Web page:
Here’s how the price of summer houses in Sweden has changed

Here's how the price of summer houses in Sweden has changed
A view out of a summer house window. Photo: Jessica Gow/TT
Prices for summer houses in Stockholm have climbed steadily over the past 12 months -- despite a tough year for the Swedish housing market in general.

The price of a fritidshus (the official term for a summer or holiday house, also called ‘sommarstuga’) in Sweden has risen by a huge 40 percent over the last five years.

Even over the past year alone, which has seen apartment prices plummet, the cost of a summer house has continued to climb, with an average eight percent increase across the whole country, according to Svensk Mäklarstatistik which provides data on Swedish real estate.

“The strong development in the housing market in recent years has made it possible for many to be able to borrow money on their existing homes to invest in holiday homes,” explained Tanja Ilic, CEO at estate agent Svensk Fastighetsförmedling which analyzed the figures. While a new amortization requirement could stunt this trend, summer houses are likely to remain an attractive prospect for affluent buyers.

Those buying a summer house between May 2017 and April 2018 spent an average of 1,664,315 kronor on the property, the same statistics show, though the average price varied across the country.

The municipality where summer house prices have increased the most is Hudiksvall in Gävleborg, where summer houses got 29 percent more pricey over the past 12 months.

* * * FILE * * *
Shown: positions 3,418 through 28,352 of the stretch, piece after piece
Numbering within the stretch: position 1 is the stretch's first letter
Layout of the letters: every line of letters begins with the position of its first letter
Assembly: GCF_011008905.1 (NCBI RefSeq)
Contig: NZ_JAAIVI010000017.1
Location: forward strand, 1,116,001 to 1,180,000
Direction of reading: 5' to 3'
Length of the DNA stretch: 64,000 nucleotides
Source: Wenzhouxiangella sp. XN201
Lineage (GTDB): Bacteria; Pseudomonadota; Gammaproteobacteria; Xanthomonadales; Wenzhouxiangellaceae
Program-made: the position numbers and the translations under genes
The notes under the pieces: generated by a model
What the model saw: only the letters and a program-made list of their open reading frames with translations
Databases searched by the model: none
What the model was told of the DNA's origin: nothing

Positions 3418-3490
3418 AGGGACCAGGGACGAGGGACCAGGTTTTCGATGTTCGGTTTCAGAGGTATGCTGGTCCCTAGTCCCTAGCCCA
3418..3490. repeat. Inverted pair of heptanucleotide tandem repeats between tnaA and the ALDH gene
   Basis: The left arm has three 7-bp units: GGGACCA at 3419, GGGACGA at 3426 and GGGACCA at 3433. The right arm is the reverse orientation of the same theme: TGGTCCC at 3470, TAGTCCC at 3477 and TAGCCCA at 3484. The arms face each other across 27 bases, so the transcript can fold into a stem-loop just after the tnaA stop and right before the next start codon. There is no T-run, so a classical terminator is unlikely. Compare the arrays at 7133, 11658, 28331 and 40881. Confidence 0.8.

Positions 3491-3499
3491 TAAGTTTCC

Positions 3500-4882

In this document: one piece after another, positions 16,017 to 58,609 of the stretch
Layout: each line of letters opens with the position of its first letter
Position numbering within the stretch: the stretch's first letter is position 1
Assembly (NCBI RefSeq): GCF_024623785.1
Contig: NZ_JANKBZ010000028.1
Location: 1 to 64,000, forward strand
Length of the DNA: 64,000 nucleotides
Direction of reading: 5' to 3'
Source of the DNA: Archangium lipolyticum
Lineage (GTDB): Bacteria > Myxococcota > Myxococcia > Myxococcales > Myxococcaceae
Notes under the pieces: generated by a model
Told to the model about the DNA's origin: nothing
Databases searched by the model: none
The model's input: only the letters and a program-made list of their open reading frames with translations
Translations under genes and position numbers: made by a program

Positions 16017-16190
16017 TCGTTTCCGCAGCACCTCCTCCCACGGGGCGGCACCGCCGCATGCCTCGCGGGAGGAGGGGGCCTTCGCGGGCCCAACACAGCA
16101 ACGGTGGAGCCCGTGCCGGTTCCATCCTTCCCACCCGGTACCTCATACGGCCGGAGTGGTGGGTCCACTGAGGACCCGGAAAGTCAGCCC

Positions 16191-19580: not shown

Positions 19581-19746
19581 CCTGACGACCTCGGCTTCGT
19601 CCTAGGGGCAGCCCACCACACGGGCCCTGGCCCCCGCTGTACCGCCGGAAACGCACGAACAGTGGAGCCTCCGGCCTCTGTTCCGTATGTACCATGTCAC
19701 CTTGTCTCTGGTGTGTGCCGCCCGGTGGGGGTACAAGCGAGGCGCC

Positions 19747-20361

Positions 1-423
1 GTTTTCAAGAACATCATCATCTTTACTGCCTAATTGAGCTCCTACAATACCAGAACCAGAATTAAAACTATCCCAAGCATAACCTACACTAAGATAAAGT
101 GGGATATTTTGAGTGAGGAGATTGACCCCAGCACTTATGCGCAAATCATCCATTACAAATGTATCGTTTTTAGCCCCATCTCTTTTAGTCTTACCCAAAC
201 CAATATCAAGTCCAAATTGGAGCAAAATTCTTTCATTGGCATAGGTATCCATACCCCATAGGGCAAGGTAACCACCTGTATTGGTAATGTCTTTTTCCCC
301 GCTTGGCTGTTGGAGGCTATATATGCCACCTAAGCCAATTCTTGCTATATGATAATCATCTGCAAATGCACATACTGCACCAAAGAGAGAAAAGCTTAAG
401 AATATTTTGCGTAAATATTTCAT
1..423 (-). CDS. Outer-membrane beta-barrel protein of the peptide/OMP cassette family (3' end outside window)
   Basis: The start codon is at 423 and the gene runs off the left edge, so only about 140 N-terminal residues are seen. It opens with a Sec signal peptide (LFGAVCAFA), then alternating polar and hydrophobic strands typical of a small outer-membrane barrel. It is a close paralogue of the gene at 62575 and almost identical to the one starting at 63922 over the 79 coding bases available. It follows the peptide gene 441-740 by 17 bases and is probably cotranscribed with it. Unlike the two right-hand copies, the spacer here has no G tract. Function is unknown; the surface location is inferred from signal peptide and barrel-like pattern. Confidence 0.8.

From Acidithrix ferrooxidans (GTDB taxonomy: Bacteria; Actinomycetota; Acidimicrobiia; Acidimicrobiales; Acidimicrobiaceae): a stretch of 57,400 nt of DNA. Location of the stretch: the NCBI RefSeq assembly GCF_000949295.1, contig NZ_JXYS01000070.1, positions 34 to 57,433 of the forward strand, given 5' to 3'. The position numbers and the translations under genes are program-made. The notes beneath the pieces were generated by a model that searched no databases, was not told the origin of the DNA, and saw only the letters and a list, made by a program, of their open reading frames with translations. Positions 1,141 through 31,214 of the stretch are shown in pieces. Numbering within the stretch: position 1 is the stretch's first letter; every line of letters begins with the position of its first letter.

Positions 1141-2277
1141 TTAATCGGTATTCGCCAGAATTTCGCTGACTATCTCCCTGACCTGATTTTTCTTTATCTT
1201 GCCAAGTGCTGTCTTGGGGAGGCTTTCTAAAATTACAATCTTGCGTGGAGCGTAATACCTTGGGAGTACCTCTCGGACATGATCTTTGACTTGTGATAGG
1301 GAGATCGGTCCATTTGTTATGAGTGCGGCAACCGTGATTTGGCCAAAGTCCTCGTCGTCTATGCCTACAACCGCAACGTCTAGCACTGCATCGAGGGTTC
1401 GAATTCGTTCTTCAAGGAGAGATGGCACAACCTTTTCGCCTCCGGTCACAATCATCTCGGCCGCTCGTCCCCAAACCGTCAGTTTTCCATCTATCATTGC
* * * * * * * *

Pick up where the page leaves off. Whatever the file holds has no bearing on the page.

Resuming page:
The next steepest increases were observed in the municipalities of Berg in Jämtland, northern Sweden (29 percent), Gävle (26 percent), Älvdalen in central Dalarna (22 percent) and Strömstad in Västra Götaland (17 percent). 

The Drottningholm Palace on Ekerö. Photo: Jonas Ekströmer/TT

In the Stockholm area, prices rose by an average of seven percent over the past year, but in the lakeside area of Ekerö, that number was much higher at 26 percent.

The areas in Greater Stockholm where summer house prices have remained most stable are in Österåker and Södertälje — with the latter boasting the cheapest fritidshus in the whole region. The average Stockholm holiday house was relatively expensive (2,543,194 kronor), but there were significant differences across the region, ranging from 1,701,600 kronor in Södertälje to 4,315,146 in Värmdö.

Skåne in southern Sweden is another very popular area for holiday homes due to the proximity of both Lund and Malmö and the many beaches and charming villages in the area. There, the price increase over the past year was above the nationwide average, at 11 percent. Across the whole area, Hässleholm saw the biggest rise last year at 27 percent, though the average summer house in the area came with a relatively low price tag: an average of 956,296 kronor, around two thirds of the Skåne average of 1,480,129 kronor.

In Västra Götaland, the average summer house price has increased by six percent. The most significant rises in the past 12 months took place in Strömstad and Tanum, however over the past five years, these areas had seen a less dramatic increase than most other municipalities. The island of Tjörn was the only municipality in the region that saw a drop in prices over the past year, with the average cost falling by five percent.

Since last August, apartment and house prices across Sweden have been falling after years of steady growth. Over the past few months, the average apartment price (measured in cost per square metre) fell by an average of 7.2 percent across Sweden.

IN DEPTH: The story of Sweden's housing crisis


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